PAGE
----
Scrapping controversial HS2 branch would ‘jeopardise’ Wigan’s future and impact ‘already fragile’ economy

Scrapping a branch of HS2 will result in ‘clear economic detriment’ to Wigan and ‘undermine’ Leveling Up commitments, local leaders say.

Wigan Council’s leader has written to the Transport Secretary asking for ‘urgent’ clarification after Sir Graham Brady MP claimed he’d had ‘assurances’ from Grant Shapps that the Golborne Spur would not go ahead.

The council says such a move would ‘jeopardise’ the future of the borough and would impact Wigan’s ‘already fragile’ economy.

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The Department for Transport says no decision has been made and the Golborne Link is still included in the High Speed ​​Rail Bill, as introduced to Parliament.

The proposed Golborne spur would leave the HS2 route between Crewe to Manchester, before cutting through Golborne and Lowton and rejoining the West Coast Main Line south of Wigan.

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Wigan Council wants to use HS2 as the catalyst for a ‘once-in-a-generation opportunity’ to regenerate the town centre. The council’s Labor leader, David Molyneux, says extending the Golborne Link beyond Wigan, to the south of Preston, would ‘represent a missed opportunity to contribute to levelling-up’.

It comes after The Guardian reported that Sir Graham had written to a constituent telling them Mr Shapps had offered him ‘categorical verbal assurances’ that the Golborne Spur will be removed from the HS2 bill currently going through Parliament. The MP later confirmed his comments from him to the BBC.

Sir Graham Brady

Mr Molyneux said it was ‘disturbing’ to read about this in the national press and urged Mr Shapps to ‘swiftly address the uncertainty’. The council leader said Wigan’s ‘key position’ in the North West means it will be ‘the closest location for rail passengers from south Lancashire, north Merseyside and north Cheshire as well as west Greater Manchester’.

“This locational advantage presents the opportunity to draw from a considerable population and business hinterland, strengthening both the economic case for HS2 and the realistic opportunity of switching to a less environmentally damaging form of transport. Any alternative route is unlikely to generate similar or better benefits given the smaller population that would be served and would offer much less potential to generate economic growth through investment in local station infrastructure,” he said in a letter to the Secretary of State.

Mr Molyneux says the prospect of high-speed rail connectivity has already helped to generate interest and ‘a significant level of private sector investment’ in and around Wigan. “Uncertainty over the final route for HS2 already risks damaging that investor confidence; a decision to amend the proposal and reduce the benefits of HS2 to Wigan would certainly do so severely,” he writes.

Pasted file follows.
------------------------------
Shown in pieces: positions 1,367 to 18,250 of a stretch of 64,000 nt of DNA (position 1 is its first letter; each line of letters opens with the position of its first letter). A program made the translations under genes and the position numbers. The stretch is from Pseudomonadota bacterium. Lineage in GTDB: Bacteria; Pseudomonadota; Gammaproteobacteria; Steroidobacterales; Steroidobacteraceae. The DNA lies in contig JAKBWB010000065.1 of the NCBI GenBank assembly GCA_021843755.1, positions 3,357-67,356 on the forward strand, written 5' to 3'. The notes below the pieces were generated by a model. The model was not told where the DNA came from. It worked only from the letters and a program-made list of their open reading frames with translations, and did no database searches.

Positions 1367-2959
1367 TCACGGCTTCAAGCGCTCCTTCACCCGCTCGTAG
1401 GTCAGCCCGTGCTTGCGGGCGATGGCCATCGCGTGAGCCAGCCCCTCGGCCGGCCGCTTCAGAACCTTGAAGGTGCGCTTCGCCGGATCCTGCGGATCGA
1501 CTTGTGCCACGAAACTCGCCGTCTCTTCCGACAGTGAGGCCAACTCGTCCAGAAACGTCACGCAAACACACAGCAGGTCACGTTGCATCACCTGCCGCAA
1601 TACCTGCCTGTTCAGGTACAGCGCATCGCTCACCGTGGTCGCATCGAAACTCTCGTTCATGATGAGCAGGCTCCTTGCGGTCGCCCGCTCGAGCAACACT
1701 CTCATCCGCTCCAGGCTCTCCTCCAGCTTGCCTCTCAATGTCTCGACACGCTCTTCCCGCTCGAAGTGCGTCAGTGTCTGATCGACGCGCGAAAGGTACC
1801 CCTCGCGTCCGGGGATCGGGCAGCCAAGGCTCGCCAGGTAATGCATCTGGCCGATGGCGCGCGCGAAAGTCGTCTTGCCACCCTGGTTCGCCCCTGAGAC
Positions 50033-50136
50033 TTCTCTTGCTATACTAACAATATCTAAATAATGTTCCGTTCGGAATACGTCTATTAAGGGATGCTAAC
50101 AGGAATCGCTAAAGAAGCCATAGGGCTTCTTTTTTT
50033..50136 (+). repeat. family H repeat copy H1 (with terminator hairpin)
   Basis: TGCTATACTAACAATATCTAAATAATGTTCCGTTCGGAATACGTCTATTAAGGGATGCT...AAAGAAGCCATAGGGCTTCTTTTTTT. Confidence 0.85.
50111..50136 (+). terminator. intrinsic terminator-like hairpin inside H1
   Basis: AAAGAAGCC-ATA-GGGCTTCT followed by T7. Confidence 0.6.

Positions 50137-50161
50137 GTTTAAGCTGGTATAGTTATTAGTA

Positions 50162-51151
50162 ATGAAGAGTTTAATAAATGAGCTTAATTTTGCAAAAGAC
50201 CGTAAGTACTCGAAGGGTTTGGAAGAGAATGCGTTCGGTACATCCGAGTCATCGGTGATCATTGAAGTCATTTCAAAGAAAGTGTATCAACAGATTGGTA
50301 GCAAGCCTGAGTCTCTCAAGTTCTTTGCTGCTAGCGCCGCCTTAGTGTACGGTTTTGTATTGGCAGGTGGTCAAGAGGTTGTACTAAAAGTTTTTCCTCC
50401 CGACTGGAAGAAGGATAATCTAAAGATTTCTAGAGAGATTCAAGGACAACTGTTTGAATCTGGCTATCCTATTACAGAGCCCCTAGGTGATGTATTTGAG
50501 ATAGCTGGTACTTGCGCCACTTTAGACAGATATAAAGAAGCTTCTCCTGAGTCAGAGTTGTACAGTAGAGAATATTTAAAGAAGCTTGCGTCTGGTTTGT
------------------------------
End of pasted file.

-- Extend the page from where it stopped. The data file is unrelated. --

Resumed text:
The government’s HS2 bill, published in February, included plans to keep the spur. But Sir Graham told The Guardian he is ‘delighted’ the government has accepted a ‘commonsense argument’ after campaigning against the proposed rail link with fellow Tory MPs James Grundy, who represents Leigh, and Warrington South’s Andy Carter.

Sir Graham, who chairs the 1922 Committee of backbenchers, said they have been campaigning for years to make the case for ‘this £4bn white elephant to be dropped’.

Aidan Thatcher, Wigan Council’s acting director for economy and skills, said: “We were extremely disappointed to hear about the alleged removal of Golborne Spur in the press this week and have written to the secretary of state to ask for urgent clarification.

Artist impression of an HS2 train

“If these allegations are true then it would completely undermine the Leveling Up commitments made by the government and would also impact Wigan’s economy, which is already fragile due to the impact of the pandemic.

“We urge the government to rethink this move, or risk jeopardizing the future of our borough, our communities and the region. We need to take leveling up seriously or we risk leaving half of the country behind.”

As far back as February 2020, Mr Shapps said the ‘writing was on the wall’ for the Golborne spur. He said the branch would ‘deliver very little’ for the expected cost of up to £3 billion when asked about the project by Mr Grundy.

The Department for Transport said no decision has been made. A spokesperson said that the Government is considering the recommendations from the Union Connectivity Review and will respond in due course. They added that it is the Government’s intention to ‘deliver the right infrastructure for long term benefits to the rail network, to the North and to Scotland’.

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George Holan

George Holan is chief editor at Plainsmen Post and has articles published in many notable publications in the last decade.

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